I think in the annals of American history, perhaps the ultimate good news, bad news situation is Negro League baseball.
The good news, of course, is that for roughly the first half of the 20th century, black entrepreneurs and visionaries like Rube Foster and Gus Greenlee organized a fantastic article of baseball featuring stars such as Satchel Paige, Josh Gibson, Cool Papa Bell, Oscar Charleston, Double Duty Radcliffe, Martin Dihigo, Ray Dandridge and Buck Leonard. That, of course, is a very partial list; a longer one would also include Hank Aaron, Willie Mays, Larry Doby and Roy Campanella, among many others.
The bad news, of course, is that the only reason those guys needed the Negro Leagues is because systematic bigotry kept them out of organized white baseball, i.e. the American and National leagues. They were plenty good enough to compete against the players recognized as the nation’s best; their skin was just deemed the wrong color by the people who ran baseball, and that’s a tragedy.
Unless you live on the moon, you probably are aware that Sunday, April 15, was Jackie Robinson Day, commemorating the date in 1947 that Robinson broke the big leagues’ color barrier as the starting first baseman for the Brooklyn Dodgers; Robinson would later earn acclaim as one of the game’s top second baseman, but that day he was in the lineup at first.
Anyway, the principal at Oak Grove Elementary School in Albany, Rich Sipe, is like yours truly a big fan of baseball, including baseball history, and one week each April he uses the story of Robinson and the Negro Leagues to teach his students about things like courage, tolerance, perseverance, toughness, etc.
Jackie Robinson Week at Oak Grove kicked off Monday morning with an assembly, and I was on hand at Rich’s behest to talk about the Negro Leagues and what those players had to endure. Speaking to the kids was a blast.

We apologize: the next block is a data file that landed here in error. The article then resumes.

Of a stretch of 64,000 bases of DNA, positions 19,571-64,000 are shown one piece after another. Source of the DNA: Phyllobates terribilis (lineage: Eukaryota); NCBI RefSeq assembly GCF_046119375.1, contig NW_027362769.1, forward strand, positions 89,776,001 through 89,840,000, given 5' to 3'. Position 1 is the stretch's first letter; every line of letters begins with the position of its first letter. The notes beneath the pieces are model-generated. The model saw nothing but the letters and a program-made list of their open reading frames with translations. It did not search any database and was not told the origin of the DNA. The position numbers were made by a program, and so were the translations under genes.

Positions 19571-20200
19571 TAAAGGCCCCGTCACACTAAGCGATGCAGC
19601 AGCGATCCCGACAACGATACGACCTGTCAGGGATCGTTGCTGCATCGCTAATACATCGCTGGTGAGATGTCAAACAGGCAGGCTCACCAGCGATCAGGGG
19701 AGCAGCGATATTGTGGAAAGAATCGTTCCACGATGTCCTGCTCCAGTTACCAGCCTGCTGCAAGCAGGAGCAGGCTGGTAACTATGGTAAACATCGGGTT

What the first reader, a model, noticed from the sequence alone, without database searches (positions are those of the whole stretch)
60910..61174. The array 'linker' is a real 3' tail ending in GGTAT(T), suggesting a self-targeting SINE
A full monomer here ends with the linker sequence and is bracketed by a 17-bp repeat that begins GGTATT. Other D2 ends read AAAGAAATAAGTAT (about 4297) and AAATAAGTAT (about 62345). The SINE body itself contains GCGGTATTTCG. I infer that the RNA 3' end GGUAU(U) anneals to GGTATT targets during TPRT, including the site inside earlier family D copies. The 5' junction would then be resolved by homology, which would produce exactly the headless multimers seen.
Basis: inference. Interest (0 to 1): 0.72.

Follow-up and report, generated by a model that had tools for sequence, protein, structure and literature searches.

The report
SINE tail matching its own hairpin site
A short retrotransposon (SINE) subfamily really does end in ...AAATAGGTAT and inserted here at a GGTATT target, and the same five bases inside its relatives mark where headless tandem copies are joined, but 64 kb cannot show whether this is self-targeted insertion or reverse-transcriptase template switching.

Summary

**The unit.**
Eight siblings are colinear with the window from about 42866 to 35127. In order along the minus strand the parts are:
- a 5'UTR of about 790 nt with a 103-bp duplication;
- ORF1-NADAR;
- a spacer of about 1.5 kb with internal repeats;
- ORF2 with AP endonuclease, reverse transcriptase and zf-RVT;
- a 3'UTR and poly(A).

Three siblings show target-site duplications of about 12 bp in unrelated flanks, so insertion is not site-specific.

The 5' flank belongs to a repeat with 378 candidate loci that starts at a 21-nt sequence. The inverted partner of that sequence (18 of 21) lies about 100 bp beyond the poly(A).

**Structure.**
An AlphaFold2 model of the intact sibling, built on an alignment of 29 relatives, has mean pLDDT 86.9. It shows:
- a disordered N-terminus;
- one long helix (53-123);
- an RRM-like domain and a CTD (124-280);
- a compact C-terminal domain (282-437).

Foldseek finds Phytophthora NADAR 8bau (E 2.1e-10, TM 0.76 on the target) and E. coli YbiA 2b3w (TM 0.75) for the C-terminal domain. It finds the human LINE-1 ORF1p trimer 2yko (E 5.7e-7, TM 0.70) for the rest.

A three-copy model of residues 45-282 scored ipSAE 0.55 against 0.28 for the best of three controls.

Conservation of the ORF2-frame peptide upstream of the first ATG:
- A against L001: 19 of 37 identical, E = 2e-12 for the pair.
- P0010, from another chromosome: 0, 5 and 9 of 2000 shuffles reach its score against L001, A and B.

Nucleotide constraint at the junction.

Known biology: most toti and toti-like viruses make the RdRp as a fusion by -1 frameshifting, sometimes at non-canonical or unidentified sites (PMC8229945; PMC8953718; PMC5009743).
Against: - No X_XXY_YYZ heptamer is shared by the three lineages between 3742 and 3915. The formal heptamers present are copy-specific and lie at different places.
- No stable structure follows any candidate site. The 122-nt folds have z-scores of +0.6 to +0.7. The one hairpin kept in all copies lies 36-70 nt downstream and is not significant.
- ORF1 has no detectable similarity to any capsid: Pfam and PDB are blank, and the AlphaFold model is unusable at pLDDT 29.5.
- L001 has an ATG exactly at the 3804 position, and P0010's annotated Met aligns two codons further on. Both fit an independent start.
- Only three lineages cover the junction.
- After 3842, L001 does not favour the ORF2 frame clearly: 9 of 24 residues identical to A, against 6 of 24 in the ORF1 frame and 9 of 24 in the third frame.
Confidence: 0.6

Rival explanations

I donned my Kansas City Monarchs jersey — that was the Negro League team Jackie played for — and Brooklyn Dodgers cap and brought a couple other props as well: A 1940s glove, and a Jackie Robinson model Louisville Slugger.
Here I am, just after talking to the roughly 300 students:
Btw, if you look close you will see in the background, just off my left ear, an old-school basketball scoreboard straight out of “Hoosiers” or the Chip Hilton Sports Series. I asked Rich if it still worked.
“I don’t know,” he said.
“If the district ever is going to get rid of that, I want it,” I said.
Rich, of course, also spoke at the assembly, seeing how he runs the school and all. Here he is, reading a book about Jackie, and in the foreground is another guest, Mac the Knight, mascot of the Corvallis Knights:
I outfitted Rich in a Pittsburgh Crawfords jersey for the occasion. The Crawfords were owned by Greenlee, king of the numbers racket in Pittsburgh in the 1930s; it was a legal business back then.
Rich, meanwhile, was kind enough to pass along to me a 1940s Wilson first baseman’s mitt that another friend of his had picked up, I think at a garage sale, and given to him just because he knew he liked baseball. Rich, knowing I collect vintage gloves, offered it to me. Thanks again, Rich. I’d have come out to your school anyway, but the glove is super sweet.